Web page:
Iranian Naval “Oops” Moment! (Friendly Fire, Not so Friendly!)

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A Brief History

On May 11, 2020, CNN and other news agencies reported the Iranian Navy while conducting exercises in the Gulf of Oman accidentally killed 19 of their own sailors and wounded another 15.  As we have reported many times in the past, Naval Oops Moments seem to be without any limit, with no navy in the world immune from catastrophic blunders.  We have also reported on incidents concerning so called “friendly fire,” when your own people accidentally shoot, blow up or target their own comrades or equipment.  Sometimes both of these military mishaps come together and combine into a Naval Oops/Friendly Fire incident, such as the one discussed here.

Digging Deeper

Iran, like many countries wracked by the ravages of the coronavirus (Covid-19) pandemic, is also suffering from the debilitating sanctions placed on the country by the United States and other nations that seek to prevent Iran from developing nuclear weapons and discourage Iran from supporting and fomenting terrorism.  Whether or not these factors have anything to do with the naval disaster, we do not know, but we do know this incident (May 10, 2020) is the second mishap involving Iranian firing of missiles this year, the previous incident involving the accidental shooting down of a Ukrainian passenger jet with anti-aircraft missiles in January of 2020, killing all aboard.

The accidentally targeted ship, called the Konorak, is reported to be a “logistics ship” that is armed with anti-ship missiles and 20mm rapid fire cannons.  The Konorak is (or was!) 167 feet long, with a beam of 33 feet, and displaces 660 tons.  Capable of 25 knots top speed, she was built in the Netherlands for Iran, entering service in 1988.  In 2018 she underwent an overhaul.  The Konorak normally has a mission of performing patrols and laying mines and has a crew of about 40 men.  While refusing to provide details of the incident, the Iranian government released a photo of the ship at dock to “prove” the small ship was not sunk, as some have reported.  Some news reports indicated the errant missile was an anti-ship missile fired by the Iranian frigate, Jamaran, with a radar lock on the Konorak instead of the intended target.  As is typical with military blunders, do not expect honesty and truth coming from the Iranian government about this incident.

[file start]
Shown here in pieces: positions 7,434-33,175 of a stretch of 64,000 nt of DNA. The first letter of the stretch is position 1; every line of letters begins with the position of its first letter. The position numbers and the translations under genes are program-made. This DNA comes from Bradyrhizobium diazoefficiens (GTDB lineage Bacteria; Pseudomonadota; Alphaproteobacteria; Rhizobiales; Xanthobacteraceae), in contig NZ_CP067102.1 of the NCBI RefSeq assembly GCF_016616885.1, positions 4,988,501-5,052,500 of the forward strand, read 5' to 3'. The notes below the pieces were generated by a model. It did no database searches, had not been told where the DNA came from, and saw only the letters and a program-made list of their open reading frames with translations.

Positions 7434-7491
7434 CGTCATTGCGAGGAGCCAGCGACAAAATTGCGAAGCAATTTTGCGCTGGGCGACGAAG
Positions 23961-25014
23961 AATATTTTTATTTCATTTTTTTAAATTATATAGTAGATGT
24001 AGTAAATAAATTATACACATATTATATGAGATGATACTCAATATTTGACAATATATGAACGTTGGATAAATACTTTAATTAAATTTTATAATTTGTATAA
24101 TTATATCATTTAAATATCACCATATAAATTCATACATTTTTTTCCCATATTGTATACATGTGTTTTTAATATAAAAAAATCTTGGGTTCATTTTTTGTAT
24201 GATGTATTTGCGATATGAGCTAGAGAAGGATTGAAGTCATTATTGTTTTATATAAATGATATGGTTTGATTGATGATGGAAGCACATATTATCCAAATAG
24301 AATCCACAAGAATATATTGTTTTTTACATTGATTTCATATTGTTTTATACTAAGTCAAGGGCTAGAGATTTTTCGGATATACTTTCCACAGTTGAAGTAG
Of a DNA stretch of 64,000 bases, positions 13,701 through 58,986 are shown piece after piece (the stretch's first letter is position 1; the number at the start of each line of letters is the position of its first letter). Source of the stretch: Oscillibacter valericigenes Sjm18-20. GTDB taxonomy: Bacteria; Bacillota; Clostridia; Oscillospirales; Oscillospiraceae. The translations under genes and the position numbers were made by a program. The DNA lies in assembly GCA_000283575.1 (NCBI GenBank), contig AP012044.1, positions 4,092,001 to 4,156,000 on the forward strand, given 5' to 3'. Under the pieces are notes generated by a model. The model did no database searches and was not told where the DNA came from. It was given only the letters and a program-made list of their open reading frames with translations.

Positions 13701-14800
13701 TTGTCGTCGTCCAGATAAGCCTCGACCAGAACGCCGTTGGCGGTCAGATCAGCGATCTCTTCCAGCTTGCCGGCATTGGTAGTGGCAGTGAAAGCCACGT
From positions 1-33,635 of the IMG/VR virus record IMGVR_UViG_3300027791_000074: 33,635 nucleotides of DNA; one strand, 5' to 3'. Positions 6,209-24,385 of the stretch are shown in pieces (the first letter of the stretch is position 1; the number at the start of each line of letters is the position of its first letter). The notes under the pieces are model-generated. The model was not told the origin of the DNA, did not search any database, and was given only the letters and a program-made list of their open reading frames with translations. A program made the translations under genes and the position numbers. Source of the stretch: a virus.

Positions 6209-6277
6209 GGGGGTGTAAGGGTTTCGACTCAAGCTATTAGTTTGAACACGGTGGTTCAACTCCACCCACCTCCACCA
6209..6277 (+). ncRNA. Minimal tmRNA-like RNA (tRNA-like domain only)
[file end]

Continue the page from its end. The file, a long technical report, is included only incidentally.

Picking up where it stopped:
Although there seems to be no involvement by the United States in this tragic incident, in recent weeks the Iranian Navy has been harassing US Navy vessels in the area, resulting in a threat from President Trump, who ordered the US Navy to “shoot down” any Iranian ships that dangerously harass US vessels. (The US has a troubled history with Iran.)

Question for students (and subscribers): Should the US aggressively sink Iranian ships and boats that harass US vessels in the Persian Gulf region?  Please let us know in the comments section below this article.

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Historical Evidence

For more information, please see…

Blackmore, David. Blunders and Disasters at Sea.  Pen & Sword Maritime, 2004.

Regan, Geoffrey. Great Naval Blunders. Andre Deutsch, 2012.

The featured image in this article, a photograph by Mohammad Sadegh Heydari of Moudge-class frigate Jamaran, is licensed under the Creative Commons Attribution 4.0 International license.  This file, which was originally posted to http://www.ypa.ir/media/k2/galleries/359/06.jpg, was reviewed on  by reviewer Czar, who confirmed that it was available there under the stated license on that date.

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About Author

Major Dan

Major Dan is a retired veteran of the United States Marine Corps. He served during the Cold War and has traveled to many countries around the world. Prior to his military service, he graduated from Cleveland State University, having majored in sociology. Following his military service, he worked as a police officer eventually earning the rank of captain prior to his retirement.